Ford’s 2011 F-150 is the industry’s first high-volume full-size pickup truck to use the vehicle’s 12-V power supply for Electric Power Assist Steering (EPAS). The EPAS system provides steering assist from an electric motor that is geared directly to the steering rack, according to Garry Smith, lead EPAS engineer at Ford Motor Co.
Explained Smith, “The on-demand electric assist provides up to 4% fuel-economy improvement by eliminating the constant energy draw of an engine-mounted hydraulic assist pump that runs whether you are steering or not.”
The self-contained power steering unit includes conventional rack-and-pinion mechanicals; a Hall-effect noncontact torque sensor in the pinion tower to measure driver input steering torque; internal communications from the torque sensor to the ECU (electronic control unit) to calculate precise steering assist based on driver torque, vehicle speed, and straight ahead truck motion; a 12-V brushless dc electric motor to provide steering assist; and a cogged belt/ball screw reduction drive to translate motor assist torque to rack assist force.
All software is within the ECU, including speed variable assist, pull-drift compensation, and active nibble control.
“Ford’s exclusive active nibble control is similar in concept to noise-canceling headphones but acts on tactile vibrations, sensing small amplitude, high-frequency torque disturbances from rough road surfaces and providing corresponding steering assist to prevent torque disturbances at the steering wheel,” explained Smith.
Pull-drift compensation is provided by the EPAS system’s adaptive controls.
“Above a certain speed and when driving straight ahead, a steady-state torque is calculated. A corresponding assist torque is then provided by the EPAS motor, relieving the driver of that [steering] effort,” explained Smith.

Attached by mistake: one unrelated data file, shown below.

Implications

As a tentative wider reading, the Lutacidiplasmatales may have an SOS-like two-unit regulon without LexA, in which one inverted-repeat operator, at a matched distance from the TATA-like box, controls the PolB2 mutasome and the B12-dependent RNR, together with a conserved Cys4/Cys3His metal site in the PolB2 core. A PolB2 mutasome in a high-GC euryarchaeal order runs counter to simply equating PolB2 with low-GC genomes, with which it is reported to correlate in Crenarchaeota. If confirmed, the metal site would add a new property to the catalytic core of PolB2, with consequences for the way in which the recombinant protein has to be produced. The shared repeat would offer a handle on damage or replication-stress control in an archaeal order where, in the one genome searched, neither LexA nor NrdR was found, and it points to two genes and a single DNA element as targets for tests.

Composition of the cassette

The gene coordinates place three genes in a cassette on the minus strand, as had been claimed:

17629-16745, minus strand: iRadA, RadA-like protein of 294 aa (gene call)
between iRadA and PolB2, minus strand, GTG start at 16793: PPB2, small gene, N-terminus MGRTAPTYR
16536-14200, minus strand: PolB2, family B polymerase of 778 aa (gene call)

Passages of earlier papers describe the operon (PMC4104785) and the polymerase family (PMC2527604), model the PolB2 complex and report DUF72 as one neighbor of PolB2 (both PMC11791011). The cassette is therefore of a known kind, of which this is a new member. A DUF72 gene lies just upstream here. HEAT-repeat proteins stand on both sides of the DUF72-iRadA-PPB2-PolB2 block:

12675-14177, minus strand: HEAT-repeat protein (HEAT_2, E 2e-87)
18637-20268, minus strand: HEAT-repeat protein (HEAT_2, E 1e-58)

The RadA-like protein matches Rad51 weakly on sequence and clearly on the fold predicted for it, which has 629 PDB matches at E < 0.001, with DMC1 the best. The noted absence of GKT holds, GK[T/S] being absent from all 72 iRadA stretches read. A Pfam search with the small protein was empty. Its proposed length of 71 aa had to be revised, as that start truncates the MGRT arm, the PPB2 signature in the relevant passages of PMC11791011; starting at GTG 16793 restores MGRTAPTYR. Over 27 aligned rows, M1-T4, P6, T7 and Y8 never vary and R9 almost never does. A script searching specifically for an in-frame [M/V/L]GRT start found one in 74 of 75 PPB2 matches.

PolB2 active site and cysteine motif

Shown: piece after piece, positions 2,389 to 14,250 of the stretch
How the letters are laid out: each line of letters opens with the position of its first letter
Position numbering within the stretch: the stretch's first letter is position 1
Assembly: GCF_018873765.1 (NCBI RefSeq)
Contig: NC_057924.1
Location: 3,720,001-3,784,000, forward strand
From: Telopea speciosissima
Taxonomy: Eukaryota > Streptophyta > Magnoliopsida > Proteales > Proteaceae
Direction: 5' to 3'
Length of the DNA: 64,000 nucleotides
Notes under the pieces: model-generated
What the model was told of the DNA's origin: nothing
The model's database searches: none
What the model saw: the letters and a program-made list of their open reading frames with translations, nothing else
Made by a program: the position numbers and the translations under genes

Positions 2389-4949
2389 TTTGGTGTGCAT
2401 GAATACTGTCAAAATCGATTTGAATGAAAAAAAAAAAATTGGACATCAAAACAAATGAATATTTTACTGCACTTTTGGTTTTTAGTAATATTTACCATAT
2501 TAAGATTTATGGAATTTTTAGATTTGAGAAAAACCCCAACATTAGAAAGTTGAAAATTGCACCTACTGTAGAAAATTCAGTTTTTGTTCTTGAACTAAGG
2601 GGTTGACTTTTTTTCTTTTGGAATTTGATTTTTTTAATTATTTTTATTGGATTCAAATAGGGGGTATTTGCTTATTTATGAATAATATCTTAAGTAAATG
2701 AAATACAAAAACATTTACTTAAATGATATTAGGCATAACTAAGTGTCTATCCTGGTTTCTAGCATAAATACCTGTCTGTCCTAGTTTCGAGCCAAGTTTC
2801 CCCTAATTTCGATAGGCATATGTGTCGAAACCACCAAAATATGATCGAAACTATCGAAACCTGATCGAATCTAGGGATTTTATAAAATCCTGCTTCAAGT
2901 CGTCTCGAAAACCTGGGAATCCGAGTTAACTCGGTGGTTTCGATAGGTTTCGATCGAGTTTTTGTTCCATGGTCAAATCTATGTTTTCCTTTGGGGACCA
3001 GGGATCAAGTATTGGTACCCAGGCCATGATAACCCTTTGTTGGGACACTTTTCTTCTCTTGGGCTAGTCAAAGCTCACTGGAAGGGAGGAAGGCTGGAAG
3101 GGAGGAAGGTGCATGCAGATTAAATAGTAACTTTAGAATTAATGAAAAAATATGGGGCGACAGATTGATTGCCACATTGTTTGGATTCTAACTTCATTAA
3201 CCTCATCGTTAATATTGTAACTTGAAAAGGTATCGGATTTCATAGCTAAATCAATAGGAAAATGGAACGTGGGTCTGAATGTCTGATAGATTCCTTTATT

Other 2011 vehicles, including the Ford Fiesta, Mustang, Fusion, Explorer, and Escape as well as the Lincoln MKS and MKT, are equipped with EPAS. Several technology developments were needed, however, to provide steering assist sufficient for full-size pickup trucks within the limits of a 12-V power supply.
“One was the improvement in electrical efficiency of the ECU and motor. Another was the reduction of motor inertia, and similarly the reduction of inertia, friction, and lash in the torque reduction drive system, all of which allowed a higher numerical ratio of motor torque to rack force. Finally, since steering full-size pickups requires high EPAS motor current, Ford developed a smart vehicle charging system to ensure maximum electric power is always available for steering assist while other electric systems are cycled to level the demand,” said Smith.
The EPAS on the F-150 is the largest in terms of rack load, and the truck is the heaviest vehicle yet to use the system with a 12-V power supply, according to Ted Seeger, Global Chief Engineer for Electric Power Steering at Nexteer, the supplier that partnered with Ford to help design and prove-out the F-150 EPAS application.
Noted Seeger, “EPAS has been done on a very limited number of mostly hybrid vehicles at 42 V. Nexteer has prototyped 42-V systems and has the capability to implement these systems in production [applications] using our scaleable electrical architecture. The higher voltage will provide the ability to steer even higher loads when OEMs choose to move to 42-V systems.”